Issues page update

March 10, 2017:- Zoning and the budget are the main issues for Town Meeting, but a few items on the warrant address matters of broader concern, e.g. taxing carbon, background checks, campaign-finance, and the impeachment of the President of the United States. And then there’s the proposal to make Amherst a “sanctuary community.” For my position on these petitions, please click here.

Please note, the section on the carbon fee includes a link to the Canadian government’s statistics department, called Statistics Canada, a site that is occasionally unavailable. I suspect it was designed by the same people who designed the Canadian government’s crash-prone immigration website, and possibly the Obama administration’s site.

If serendipity strikes when you happen to visit Statistics Canada and the site is accessible, be advised that you may still have to dig for the archived page that shows gasoline sales in the early 2000s. It took me a while. But if you hit Statistics Canada on one of its off days, try this site, Behind the Numbers, a blog from the progressive Canadian Center for Policy Alternatives (which describes itself as “concerned with issues of social, economic, and environmental justice”) and read the article titled “Don’t believe the hype on BC’s carbon tax.”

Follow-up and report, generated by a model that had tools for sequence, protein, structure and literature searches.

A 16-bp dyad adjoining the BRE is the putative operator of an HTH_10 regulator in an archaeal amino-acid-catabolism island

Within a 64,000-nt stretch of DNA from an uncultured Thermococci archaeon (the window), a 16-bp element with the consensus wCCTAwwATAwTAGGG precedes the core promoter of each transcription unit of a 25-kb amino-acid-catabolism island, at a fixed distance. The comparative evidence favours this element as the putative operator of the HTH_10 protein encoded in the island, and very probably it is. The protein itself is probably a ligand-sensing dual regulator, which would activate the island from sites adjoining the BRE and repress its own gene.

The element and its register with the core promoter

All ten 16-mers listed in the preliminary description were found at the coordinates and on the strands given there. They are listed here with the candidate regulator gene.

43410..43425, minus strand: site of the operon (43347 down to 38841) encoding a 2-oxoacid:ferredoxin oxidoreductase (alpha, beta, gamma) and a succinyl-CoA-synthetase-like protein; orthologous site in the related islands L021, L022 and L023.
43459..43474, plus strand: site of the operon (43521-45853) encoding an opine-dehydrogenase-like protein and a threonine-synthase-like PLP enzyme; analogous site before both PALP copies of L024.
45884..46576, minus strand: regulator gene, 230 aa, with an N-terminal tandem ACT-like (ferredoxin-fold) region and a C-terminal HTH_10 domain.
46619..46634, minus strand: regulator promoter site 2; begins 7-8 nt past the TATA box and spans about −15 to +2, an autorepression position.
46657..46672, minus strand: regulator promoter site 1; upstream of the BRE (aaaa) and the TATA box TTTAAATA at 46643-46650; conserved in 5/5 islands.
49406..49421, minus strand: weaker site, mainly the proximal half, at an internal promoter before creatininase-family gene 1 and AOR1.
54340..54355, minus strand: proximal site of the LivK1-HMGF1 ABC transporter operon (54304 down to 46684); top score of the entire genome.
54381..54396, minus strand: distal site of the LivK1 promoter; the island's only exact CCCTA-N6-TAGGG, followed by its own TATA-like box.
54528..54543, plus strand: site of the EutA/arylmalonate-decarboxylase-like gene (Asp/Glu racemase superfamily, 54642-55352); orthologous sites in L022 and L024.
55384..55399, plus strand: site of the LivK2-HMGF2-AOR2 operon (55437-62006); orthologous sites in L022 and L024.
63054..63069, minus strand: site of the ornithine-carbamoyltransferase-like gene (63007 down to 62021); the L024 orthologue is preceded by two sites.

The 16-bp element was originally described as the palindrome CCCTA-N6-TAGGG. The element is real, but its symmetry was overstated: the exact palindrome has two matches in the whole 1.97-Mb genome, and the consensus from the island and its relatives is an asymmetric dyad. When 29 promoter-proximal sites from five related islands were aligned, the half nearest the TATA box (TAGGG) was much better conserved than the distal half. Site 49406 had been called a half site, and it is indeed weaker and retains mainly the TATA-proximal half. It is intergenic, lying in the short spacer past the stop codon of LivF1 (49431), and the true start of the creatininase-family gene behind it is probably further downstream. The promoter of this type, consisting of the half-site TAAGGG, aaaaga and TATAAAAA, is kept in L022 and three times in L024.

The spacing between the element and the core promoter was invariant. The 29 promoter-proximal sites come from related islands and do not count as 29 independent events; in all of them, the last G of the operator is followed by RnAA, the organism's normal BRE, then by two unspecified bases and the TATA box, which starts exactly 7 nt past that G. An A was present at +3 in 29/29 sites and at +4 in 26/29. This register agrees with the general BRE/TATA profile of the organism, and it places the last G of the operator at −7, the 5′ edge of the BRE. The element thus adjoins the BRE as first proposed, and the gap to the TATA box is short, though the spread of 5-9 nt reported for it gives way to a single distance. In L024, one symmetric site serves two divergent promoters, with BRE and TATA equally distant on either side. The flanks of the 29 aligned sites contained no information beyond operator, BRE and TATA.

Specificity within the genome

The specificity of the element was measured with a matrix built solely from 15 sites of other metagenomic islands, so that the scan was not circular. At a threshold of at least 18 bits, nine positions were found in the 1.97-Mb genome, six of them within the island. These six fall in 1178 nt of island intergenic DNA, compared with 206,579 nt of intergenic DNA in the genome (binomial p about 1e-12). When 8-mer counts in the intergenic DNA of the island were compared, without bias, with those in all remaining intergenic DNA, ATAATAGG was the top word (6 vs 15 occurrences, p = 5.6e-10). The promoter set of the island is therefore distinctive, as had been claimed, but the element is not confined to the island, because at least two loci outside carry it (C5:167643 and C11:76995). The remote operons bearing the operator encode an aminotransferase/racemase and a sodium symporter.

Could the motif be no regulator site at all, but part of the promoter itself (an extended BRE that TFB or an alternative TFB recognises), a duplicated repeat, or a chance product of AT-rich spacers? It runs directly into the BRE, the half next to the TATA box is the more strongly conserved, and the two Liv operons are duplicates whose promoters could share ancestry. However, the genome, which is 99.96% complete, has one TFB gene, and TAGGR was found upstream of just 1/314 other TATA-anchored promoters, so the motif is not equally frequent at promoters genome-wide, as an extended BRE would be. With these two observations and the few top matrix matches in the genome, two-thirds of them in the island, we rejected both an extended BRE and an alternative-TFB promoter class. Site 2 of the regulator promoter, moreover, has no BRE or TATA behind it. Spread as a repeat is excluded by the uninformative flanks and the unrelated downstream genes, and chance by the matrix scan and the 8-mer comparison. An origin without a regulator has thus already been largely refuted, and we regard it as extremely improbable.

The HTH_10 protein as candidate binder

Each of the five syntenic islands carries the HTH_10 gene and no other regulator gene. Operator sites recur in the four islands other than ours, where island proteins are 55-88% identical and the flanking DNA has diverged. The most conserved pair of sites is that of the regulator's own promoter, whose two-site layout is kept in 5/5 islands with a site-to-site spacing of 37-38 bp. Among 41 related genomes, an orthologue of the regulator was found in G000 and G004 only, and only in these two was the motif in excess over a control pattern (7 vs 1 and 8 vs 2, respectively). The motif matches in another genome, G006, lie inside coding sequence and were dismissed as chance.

More downtown parking needed

March 1,2017:- Amherst Cinema regularly hears from frustrated patrons who love the place and would like to return but won’t come back because finding somewhere to park in downtown Amherst is too much of a headache. That was the message Carol Johnson of Amherst Cinema delivered yesterday evening to the joint meeting of the Planning Board and Downtown Parking Working Group. Lack of parking is deterring customers, a common complaint among Amherst businesses. The solution? A parking garage.

Nevertheless, by 9:00 p.m. (when I headed home) it was clear that most of the policy-shapers in the room were against the idea of a new parking garage. Although I understand their reasons, I hope they will keep an open mind. If downtown Amherst is going to thrive–and become an even better place to live, work, and play–it has to become more welcoming to visitors. And that requires providing them with easy-to-find places to park. What do you think?